Publicly-available data shows that corporations are making some improvements in diversifying their boards by race, gender, and ethnicity. In fact, Nasdaq just approved a rule requiring all its listed companies to have at least two diverse board members or explain why they don’t. Is this a sign of progress?

I think it’s a good first step but one of the things that we are arguing for in the paper is that it has to go beyond just the board of directors. It has to be a more meaningful and substantive change throughout the entire organizational structure of a corporation to really have the impact that they claim to want to have, to do the things that they say they want to do in terms of tackling certain types of inequities within their institutions.

In organizations, the composition of the board of directors is a good marker but it’s not necessarily the best marker. If you have to disclose information about what your employee workforce looks like, potentially that is going to show that you may have two or three people of color on your board, but what does it mean for your workforce and your supply chain and thinking more deeply about the problems? Do you have the same percentages reflected in the workforce? And if you do, what does it look like at each level? Are your workers of color just in the lowest category? What do they look like at senior levels, senior management? What does it look like throughout your structure? That’s the information that we are saying firms should gather and disclose.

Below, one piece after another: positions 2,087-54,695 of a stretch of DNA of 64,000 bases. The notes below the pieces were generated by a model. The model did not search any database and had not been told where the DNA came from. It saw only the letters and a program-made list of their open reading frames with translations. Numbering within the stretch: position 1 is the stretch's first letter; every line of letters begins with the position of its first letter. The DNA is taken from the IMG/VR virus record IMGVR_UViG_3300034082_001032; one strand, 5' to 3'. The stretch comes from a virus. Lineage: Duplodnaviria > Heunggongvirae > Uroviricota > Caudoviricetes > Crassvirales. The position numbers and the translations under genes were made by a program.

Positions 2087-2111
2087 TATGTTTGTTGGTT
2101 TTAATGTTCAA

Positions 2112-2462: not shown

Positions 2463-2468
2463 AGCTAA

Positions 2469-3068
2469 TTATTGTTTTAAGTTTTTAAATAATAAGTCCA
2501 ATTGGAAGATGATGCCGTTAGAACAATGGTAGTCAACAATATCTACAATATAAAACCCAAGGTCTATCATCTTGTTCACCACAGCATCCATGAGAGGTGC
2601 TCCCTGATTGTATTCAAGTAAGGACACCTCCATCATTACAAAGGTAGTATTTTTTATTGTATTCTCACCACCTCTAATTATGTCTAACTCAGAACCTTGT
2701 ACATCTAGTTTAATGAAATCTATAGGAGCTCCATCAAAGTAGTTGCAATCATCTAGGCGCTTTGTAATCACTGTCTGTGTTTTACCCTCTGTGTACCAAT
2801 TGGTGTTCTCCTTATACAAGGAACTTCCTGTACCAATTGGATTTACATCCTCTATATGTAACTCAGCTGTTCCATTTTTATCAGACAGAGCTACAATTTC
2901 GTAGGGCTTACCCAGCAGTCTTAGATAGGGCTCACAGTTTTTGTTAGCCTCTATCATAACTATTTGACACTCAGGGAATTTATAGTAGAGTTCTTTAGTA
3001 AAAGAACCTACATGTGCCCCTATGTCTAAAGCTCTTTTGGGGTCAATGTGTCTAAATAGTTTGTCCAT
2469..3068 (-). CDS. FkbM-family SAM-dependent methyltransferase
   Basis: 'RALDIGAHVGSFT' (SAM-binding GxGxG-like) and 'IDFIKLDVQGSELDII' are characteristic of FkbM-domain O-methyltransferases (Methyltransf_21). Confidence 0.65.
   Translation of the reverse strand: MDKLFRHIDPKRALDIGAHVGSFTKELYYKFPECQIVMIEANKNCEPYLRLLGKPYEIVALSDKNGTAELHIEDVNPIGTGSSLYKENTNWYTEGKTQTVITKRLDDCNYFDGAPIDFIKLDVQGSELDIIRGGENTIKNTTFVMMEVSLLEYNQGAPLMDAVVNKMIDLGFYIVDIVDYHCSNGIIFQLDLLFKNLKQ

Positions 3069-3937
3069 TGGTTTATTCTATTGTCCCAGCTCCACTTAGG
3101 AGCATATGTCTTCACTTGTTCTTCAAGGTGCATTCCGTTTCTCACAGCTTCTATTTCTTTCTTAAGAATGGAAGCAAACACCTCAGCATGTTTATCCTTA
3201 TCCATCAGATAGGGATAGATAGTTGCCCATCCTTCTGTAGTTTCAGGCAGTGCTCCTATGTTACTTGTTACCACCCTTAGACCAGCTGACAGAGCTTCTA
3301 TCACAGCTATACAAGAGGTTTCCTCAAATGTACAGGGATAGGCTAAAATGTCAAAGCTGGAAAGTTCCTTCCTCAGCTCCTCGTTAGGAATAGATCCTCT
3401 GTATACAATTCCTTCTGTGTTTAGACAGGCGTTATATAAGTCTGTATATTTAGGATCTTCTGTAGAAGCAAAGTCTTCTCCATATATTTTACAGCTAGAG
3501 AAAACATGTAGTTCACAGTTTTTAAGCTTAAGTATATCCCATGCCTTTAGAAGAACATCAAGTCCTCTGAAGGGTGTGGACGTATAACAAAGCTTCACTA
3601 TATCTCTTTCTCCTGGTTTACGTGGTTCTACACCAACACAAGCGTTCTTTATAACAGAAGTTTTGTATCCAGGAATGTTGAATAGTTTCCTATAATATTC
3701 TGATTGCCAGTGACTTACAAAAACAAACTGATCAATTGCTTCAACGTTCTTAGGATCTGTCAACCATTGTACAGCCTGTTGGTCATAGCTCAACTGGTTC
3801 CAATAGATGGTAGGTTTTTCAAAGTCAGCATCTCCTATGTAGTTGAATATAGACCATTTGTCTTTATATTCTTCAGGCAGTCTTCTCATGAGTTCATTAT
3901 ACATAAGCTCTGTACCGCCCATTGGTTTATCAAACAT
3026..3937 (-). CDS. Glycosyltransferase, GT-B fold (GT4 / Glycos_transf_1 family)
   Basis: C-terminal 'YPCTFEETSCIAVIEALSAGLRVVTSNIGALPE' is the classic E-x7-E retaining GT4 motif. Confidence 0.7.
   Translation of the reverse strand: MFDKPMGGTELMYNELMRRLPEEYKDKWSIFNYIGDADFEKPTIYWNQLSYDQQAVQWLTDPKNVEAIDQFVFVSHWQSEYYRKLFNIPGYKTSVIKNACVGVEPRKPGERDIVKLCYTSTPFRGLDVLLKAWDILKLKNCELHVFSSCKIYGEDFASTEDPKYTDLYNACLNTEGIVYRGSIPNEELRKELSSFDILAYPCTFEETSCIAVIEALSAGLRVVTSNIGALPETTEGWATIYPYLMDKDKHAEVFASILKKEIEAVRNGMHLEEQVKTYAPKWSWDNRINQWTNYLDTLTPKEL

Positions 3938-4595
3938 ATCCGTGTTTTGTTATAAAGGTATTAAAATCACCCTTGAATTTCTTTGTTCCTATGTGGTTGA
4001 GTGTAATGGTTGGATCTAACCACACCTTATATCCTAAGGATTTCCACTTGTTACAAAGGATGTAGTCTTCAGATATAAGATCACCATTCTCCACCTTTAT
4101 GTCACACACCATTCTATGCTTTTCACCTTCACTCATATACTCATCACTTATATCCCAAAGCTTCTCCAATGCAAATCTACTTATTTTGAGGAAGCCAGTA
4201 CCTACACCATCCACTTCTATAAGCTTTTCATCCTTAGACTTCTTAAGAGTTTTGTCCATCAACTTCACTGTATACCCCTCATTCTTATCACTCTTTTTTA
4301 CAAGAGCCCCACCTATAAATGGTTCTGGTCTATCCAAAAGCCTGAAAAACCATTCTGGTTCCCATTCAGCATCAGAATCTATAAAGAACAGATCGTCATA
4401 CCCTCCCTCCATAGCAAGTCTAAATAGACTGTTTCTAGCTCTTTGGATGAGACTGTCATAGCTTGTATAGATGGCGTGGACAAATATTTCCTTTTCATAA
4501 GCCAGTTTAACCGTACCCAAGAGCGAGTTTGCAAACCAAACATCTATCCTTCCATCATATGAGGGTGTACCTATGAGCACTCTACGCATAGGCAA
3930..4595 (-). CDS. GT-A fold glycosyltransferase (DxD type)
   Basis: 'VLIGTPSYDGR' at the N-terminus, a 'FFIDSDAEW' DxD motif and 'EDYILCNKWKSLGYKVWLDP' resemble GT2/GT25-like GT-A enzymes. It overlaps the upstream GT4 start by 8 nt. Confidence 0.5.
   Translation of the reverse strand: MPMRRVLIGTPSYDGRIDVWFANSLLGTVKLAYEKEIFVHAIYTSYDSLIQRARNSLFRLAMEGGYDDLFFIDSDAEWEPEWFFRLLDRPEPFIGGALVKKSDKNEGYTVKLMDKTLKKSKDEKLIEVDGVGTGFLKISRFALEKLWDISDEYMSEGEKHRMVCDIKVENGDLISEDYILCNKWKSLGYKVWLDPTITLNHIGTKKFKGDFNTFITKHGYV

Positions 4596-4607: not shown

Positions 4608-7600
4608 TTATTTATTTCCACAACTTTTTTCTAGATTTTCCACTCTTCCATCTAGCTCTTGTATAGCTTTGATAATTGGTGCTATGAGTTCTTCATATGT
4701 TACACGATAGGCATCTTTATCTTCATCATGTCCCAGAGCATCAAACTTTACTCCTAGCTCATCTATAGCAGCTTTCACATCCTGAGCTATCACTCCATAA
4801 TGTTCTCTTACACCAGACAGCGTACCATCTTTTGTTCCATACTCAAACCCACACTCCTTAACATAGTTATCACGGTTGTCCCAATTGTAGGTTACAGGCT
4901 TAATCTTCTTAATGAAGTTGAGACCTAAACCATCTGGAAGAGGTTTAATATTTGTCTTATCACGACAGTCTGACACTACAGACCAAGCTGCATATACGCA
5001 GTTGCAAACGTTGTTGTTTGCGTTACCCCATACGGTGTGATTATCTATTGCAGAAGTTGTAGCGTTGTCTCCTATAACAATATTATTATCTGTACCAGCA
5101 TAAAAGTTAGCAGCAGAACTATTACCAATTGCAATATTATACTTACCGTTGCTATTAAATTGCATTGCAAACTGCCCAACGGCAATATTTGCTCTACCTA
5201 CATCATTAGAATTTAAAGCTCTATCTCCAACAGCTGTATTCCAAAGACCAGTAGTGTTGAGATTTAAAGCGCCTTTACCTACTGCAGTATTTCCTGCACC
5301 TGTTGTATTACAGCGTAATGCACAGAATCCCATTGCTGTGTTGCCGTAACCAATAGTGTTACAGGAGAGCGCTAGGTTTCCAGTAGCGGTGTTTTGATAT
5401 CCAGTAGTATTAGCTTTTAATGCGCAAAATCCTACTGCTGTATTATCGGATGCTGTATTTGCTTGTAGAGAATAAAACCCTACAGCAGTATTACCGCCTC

You argue that, because of their financial leverage, institutional investors should incentivize or demand this data from companies. What about the argument that it’s not within their fiduciary duty to influence companies they invest in on diversity and other environmental, social, and governance (ESG) issues?

The argument that ESG activism isn’t within the realm of institutional investors is one that I don’t agree with. It builds on this premise that institutional investors representing shareholders should only care about revenues and the balance sheet and what the company is doing from an economic standpoint, and that environmental and social issues have nothing to do with the economics of a firm or shareholder value and returns. I think if anything has been evident from the last couple of years, it’s that you can’t actually divorce these things.